Wednesday, 25 July 2012

Quick, Cheap and Easy Homemade Beef and Vegetable Pasty

Easy beef and vegetable pasty

Pasties are unquestionably every bit as versatile as pies, in terms of the different fillings you can incorporate. While Cornish pasties may be what most people automatically think of when they hear the word pasty, it is important to realise - if you are to truly get the greatest enjoyment from this delicious food creation - that a pasty is simply a filling of some type encased in folded pastry and baked in the oven. You can even make sweet pasties, as well as savoury. This really easy and cheap pasty idea is based on the Cornish pasty but the filling is minced beef rather than chopped steak and the vegetables are considerably more finely chopped for a smoother eating experience. Why not give this idea a go as a really inexpensive and simple to prepare dinner some night?
Principal ingredients for beef and vegetable pasty

Ingredients per Pasty

6oz minced or ground beef
1/2 medium carrot, peeled and finely diced
1/2 medium parsnip, peeled and finely diced
1 small onion, peeled and finely diced
1 tsp Dijon mustard (optional)
Salt and freshly ground black pepper
1/2 lb premade puff pastry
Beaten egg for glazing
Butter for greasing baking tray

Finely diced vegetables for beef pasty


Put your oven on to preheat to 400F/200C.

Put the beef, vegetables and mustard in to a large bowl and season. Stir very well to combine. You can use a spoon here but you may find it easier to use your hand.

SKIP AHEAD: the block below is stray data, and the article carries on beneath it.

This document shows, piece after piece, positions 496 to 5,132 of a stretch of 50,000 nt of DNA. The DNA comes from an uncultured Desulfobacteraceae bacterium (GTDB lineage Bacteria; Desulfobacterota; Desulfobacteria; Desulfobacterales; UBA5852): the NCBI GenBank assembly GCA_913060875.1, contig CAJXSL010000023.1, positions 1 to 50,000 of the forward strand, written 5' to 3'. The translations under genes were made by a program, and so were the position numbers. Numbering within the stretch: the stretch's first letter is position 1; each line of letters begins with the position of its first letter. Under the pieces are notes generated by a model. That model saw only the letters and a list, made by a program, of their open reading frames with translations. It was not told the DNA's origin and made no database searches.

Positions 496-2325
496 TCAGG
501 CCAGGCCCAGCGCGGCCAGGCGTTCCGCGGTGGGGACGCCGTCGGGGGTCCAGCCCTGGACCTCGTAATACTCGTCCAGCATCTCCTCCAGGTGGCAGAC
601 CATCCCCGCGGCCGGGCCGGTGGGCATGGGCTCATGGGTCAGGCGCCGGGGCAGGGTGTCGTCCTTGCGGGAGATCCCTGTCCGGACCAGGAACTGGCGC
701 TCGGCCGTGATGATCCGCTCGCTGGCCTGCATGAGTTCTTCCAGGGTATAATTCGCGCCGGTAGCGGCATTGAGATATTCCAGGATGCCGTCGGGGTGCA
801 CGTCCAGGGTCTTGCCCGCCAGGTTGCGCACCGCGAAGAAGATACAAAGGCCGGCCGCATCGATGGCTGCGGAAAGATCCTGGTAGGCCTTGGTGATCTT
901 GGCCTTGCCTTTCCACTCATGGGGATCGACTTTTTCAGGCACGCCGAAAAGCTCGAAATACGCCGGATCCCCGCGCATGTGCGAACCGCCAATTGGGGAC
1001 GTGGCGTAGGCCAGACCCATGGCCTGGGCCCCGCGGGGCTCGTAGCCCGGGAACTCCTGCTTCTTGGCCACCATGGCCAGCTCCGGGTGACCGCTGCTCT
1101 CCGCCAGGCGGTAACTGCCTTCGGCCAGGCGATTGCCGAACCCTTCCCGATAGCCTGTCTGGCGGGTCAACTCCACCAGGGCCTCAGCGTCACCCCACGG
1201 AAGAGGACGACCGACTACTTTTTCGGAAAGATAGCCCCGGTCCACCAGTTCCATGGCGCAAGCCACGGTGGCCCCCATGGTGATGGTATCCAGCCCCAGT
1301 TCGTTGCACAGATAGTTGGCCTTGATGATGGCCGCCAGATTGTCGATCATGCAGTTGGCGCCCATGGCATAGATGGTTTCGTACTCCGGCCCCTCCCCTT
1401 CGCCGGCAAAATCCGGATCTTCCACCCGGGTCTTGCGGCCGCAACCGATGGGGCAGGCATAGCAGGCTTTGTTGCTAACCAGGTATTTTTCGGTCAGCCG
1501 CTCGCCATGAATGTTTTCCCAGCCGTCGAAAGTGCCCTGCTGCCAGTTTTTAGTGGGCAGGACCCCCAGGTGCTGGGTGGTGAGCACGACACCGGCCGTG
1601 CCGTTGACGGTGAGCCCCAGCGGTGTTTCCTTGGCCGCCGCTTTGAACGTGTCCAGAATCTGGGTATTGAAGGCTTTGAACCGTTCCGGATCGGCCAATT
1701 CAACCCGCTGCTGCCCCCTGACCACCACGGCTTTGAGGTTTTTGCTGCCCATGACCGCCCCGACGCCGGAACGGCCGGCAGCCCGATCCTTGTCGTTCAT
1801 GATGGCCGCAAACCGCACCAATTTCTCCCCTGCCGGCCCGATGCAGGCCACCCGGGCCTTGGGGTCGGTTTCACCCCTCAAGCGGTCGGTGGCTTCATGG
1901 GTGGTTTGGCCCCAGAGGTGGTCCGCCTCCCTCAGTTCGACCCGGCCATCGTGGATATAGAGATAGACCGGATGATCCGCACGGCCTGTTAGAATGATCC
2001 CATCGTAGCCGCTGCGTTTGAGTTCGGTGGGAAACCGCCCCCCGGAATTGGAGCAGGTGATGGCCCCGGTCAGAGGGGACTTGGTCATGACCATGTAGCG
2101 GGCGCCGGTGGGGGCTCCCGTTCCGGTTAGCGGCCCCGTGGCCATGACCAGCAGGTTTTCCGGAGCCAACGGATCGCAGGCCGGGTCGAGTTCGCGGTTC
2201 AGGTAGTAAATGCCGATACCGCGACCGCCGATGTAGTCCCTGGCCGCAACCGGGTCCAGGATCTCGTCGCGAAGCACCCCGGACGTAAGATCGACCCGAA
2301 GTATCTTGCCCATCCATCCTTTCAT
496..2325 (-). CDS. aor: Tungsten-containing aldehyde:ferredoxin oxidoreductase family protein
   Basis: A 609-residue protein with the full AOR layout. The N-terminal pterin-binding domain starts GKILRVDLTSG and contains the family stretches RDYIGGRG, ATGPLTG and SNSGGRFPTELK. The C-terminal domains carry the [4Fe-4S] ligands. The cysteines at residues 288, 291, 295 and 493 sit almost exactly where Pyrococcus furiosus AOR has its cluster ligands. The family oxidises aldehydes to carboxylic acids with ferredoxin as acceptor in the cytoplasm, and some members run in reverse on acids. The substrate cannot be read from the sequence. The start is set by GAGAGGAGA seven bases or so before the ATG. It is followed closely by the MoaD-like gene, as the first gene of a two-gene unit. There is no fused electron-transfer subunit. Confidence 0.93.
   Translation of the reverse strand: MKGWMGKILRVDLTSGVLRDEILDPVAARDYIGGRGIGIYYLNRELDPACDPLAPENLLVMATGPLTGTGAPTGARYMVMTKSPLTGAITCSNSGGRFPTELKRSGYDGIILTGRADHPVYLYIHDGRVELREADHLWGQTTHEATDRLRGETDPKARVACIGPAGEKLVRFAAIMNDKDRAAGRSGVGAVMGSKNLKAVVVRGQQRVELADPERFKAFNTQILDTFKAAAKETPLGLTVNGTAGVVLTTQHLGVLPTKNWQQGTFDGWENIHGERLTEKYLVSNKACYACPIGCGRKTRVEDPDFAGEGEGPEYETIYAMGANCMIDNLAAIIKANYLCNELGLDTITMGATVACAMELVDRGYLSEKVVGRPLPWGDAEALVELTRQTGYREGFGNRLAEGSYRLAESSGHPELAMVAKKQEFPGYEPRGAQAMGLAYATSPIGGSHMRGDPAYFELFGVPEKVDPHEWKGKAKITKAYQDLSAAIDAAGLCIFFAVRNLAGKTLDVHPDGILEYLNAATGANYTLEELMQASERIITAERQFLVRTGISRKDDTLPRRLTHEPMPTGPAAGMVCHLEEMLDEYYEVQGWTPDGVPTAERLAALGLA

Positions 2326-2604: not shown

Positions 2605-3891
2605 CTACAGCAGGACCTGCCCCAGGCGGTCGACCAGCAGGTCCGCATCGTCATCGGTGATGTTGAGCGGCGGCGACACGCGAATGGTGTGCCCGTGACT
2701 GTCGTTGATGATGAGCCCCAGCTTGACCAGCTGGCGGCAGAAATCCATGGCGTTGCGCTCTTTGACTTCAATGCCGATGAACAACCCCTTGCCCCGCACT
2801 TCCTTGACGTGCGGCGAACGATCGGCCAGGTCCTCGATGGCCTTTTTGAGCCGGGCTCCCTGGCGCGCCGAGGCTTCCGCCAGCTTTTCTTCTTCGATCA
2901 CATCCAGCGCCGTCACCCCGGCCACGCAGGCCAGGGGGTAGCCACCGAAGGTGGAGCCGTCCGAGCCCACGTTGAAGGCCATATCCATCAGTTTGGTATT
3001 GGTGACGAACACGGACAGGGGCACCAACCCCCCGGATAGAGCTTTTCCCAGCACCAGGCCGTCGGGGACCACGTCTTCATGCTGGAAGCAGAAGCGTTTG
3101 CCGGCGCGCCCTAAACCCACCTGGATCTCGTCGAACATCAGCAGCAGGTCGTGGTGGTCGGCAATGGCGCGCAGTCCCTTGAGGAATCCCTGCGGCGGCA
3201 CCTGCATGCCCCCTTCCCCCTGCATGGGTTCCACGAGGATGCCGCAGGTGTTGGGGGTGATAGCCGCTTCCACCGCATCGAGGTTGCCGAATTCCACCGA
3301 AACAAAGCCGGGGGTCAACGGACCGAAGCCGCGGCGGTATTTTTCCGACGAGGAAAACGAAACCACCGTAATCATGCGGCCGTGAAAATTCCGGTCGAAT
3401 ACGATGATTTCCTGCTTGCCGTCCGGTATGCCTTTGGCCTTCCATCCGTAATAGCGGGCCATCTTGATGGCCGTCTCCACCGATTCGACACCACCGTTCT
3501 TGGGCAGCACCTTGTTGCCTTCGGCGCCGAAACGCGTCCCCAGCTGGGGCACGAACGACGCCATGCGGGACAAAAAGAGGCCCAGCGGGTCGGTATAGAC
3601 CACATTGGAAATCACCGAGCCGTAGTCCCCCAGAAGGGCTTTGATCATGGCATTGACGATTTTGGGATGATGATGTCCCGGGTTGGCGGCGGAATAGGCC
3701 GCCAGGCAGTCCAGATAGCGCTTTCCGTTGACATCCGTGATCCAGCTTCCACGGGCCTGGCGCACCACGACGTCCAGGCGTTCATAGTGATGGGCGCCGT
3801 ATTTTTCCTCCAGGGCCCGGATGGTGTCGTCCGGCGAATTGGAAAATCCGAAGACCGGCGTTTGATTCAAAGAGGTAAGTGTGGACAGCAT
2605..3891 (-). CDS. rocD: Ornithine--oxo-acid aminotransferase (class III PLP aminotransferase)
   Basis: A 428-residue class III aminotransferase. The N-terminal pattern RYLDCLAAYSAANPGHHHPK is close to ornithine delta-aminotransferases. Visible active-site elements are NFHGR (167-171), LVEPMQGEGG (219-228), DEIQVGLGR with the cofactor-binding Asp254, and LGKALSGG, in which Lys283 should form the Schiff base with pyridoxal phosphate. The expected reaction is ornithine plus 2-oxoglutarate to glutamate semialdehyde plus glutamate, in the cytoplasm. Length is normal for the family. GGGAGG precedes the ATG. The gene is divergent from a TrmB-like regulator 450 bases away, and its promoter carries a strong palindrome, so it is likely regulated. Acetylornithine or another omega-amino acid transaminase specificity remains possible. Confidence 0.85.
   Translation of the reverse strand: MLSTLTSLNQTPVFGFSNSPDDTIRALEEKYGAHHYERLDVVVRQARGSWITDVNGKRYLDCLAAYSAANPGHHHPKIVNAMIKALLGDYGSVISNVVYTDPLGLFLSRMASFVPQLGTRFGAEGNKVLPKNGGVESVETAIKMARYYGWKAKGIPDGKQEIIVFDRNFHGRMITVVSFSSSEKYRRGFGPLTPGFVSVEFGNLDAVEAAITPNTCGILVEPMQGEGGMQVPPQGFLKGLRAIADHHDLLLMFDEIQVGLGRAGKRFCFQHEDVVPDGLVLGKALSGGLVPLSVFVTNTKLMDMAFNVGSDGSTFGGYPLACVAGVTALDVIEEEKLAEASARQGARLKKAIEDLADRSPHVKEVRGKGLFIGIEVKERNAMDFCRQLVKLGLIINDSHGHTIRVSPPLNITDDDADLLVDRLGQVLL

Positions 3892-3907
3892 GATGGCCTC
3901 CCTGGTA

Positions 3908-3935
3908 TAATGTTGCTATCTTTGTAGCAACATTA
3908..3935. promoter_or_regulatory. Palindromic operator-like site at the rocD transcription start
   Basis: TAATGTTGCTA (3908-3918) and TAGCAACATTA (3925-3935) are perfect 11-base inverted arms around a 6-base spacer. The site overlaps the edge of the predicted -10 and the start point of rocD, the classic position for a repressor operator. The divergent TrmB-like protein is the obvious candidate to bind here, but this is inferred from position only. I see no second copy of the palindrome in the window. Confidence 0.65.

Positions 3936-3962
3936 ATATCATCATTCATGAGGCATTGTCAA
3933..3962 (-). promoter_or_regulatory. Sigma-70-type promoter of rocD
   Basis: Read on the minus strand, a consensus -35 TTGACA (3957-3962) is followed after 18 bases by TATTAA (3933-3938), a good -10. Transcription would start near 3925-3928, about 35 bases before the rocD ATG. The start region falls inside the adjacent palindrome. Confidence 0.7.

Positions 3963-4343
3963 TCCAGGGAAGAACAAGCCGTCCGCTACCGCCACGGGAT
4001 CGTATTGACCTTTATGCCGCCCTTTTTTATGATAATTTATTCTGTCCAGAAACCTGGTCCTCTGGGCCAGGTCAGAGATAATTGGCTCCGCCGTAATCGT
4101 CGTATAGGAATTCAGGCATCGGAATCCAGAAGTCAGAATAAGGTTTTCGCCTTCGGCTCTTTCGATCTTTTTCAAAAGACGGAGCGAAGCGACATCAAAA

Pasty filling ingredients are mixed together in a bowl

Roll out the pastry on a dry, floured surface to a square of just over 13 inches. Use a 13" dinner plate to cut a circle in the pastry.

A large dinner plate is used as a template to cut the pastry for the pasty

It is virtually essential at this stage to use your hands to position and form the filling on the pastry. It should go on one half only, with a 1 inch border around the edge. Try to make the filling layer thickest towards the centre, slowly sloping down towards the edges.

Pasty filling is carefully shaped on rolled pastry

Glaze the border of the filled pastry half before folding the empty half carefully over the top and lightly pressing to seal.

Pasty is folded over
Crimp the pasty around the edges and lift it carefully on to a baking sheet or tray, lightly greased with butter.

Pasty is carefully crimped around the edges

Glaze the pasty well with more beaten egg and make a slit in the centre for steam to escape as it cooks. Put it on to the oven for thirty-five minutes until beautifully risen and golden in colour.

Prepared pasty is ready for the oven

When the pasty comes out of the oven, you should sit it aside to rest for ten to fifteen minutes.

Cooked and rested pasty is cut in half

Precisely how you serve the pasty is entirely up to you. It can be made to be a substantial meal for one person or form a meal for two with further accompaniments.

Below are just a couple of very simple serving accompaniments you may wish to consider...

Beef and vegetable pasty with baked beans

Beef and vegetable pasty with baked beans and tomato sauce

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